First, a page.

When I read a book, I visualize the locations and the characters and... their voices. When I'm lucky, the person narrating the book will let me hear and imagine the story without imposing their own personality.
Sadly, this presenter's voice didn't match my expectations. While he has an impressive, "big", deep voice, his tendency to prolong the final word of every other sentence was at first distracting, then just an annoying drawl.
Or, as he might have said it, "...then just an annoying drawwwlll..."
The focus should be on the storytelling, not the storytellerrr.
While this is the first audiobook of his that I've read, I'm a fan of Steve Hamilton, and have enjoyed his other books. I still have two to read yet.
I was distracted and annoyed by the narrator's strange dialects for Canadian and Indian characters; even stranger-sounding attempts at female voices.
I would have preferred a straight reading, without the voice "acting". In one instance, dramatic whispers were very difficult to understand, even when I replayed that section with increased volume.
There are a couple more Hamilton books I've been looking forward to, but I have serious doubts of buying audio books of they're narrated by the same person.
I'm only a couple hours into the audiobook, and I'm thinking, "why didn't I listen to a sample before buying it?".
The story so far is quite well-written... but the narrator has a strong English accent and uses frequent English pronunciations. This isn't a problem -- aside from the oddity of much of the story being about the FBI and set in the USA -- until he attempts American accents; the results are distracting to say the least -- often becoming cartoonish. I keep visualizing Yosemite Sam when he voices one of the characters.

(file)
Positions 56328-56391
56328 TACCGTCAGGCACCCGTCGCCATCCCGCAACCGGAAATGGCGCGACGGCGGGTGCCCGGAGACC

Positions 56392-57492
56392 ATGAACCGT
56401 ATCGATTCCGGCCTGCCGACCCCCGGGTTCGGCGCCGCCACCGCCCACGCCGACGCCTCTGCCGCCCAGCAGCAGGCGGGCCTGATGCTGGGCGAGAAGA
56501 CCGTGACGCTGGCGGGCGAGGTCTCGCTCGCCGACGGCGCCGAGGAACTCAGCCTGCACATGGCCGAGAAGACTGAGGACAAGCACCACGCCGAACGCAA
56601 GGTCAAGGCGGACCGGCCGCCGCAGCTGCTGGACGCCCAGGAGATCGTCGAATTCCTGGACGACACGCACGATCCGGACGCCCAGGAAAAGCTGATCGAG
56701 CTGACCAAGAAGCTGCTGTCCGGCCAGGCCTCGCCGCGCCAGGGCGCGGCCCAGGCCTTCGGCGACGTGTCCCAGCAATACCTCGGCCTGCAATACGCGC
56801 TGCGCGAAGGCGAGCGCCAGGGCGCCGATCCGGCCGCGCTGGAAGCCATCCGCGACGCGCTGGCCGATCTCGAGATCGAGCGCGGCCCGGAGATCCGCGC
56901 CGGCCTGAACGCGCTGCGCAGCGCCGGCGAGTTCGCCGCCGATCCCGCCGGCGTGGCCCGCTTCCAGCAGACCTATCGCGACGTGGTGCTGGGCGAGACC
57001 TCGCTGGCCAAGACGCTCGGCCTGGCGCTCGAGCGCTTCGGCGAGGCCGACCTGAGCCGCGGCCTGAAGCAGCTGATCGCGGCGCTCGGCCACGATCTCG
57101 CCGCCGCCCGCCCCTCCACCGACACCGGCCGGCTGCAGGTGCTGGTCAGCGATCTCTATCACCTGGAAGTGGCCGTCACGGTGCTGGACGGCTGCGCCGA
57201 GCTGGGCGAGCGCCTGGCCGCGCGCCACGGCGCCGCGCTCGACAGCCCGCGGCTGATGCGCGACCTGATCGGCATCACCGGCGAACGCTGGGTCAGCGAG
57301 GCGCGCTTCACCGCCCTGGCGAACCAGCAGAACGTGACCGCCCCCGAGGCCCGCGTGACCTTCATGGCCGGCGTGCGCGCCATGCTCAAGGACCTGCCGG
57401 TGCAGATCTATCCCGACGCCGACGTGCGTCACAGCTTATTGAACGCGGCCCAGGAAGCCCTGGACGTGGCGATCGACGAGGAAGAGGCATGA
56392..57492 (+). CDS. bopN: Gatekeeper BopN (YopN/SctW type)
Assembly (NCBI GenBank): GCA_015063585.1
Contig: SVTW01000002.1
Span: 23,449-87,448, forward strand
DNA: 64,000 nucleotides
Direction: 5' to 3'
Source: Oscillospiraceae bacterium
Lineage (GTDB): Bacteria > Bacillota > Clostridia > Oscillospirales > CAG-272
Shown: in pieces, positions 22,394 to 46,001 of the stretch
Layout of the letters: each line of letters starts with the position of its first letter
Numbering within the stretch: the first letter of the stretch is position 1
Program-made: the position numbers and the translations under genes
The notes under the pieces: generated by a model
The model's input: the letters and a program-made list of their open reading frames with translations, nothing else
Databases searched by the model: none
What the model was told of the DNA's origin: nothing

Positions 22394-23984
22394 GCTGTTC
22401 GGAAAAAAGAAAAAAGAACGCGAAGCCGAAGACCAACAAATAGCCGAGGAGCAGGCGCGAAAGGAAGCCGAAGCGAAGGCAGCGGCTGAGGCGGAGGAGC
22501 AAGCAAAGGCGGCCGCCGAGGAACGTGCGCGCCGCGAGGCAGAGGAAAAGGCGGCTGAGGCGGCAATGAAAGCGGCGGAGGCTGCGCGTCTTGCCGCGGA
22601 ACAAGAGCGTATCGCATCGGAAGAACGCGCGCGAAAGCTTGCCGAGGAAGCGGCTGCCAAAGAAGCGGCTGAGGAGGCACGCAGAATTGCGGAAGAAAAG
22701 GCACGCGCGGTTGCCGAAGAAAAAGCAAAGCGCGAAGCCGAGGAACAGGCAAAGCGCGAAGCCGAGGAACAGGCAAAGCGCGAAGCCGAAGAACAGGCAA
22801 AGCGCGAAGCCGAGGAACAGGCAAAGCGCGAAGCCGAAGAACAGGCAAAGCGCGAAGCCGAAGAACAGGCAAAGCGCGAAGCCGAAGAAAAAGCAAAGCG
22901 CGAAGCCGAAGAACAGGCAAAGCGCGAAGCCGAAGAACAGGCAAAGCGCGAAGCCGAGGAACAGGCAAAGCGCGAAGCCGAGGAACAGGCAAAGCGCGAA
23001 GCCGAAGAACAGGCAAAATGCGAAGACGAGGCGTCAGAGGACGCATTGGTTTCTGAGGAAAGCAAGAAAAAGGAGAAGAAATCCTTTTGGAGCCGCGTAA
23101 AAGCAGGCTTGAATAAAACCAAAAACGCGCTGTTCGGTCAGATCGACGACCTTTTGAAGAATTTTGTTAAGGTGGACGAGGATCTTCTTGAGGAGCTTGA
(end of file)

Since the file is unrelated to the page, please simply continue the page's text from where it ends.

More straight reading and less acting would be appreciated.
I should add that there's a spoiler at the beginning of the audiobook; for some reason the outline of the story is read first -- needlessly revealing several plot points. I don't appreciate this in movie 'trailers'; I don't appreciate it here.
Although the audio book is copyright 2004, the dialog, the characters, and the situations all scream "The 60s!".
Elmore Leonard IS a good writer... but this is not an example of his best work.
I found the reader's voice a distraction as well; weird accents abounded, and the female character's "voice" (breathy and high-pitched) was not believable.
It took me several months to get through this audio book. It was a struggle to stay interested in a supposedly smart character who seemed to always make the foolish choices.
Add to that, numerous cliched plot twists and "surprises", and I was glad to finally be done with the book.
It seems to have been written with "Movie Deal" in mind, rather than telling a coherent and believable story.
A disappointment from one of my favorite storytellers.
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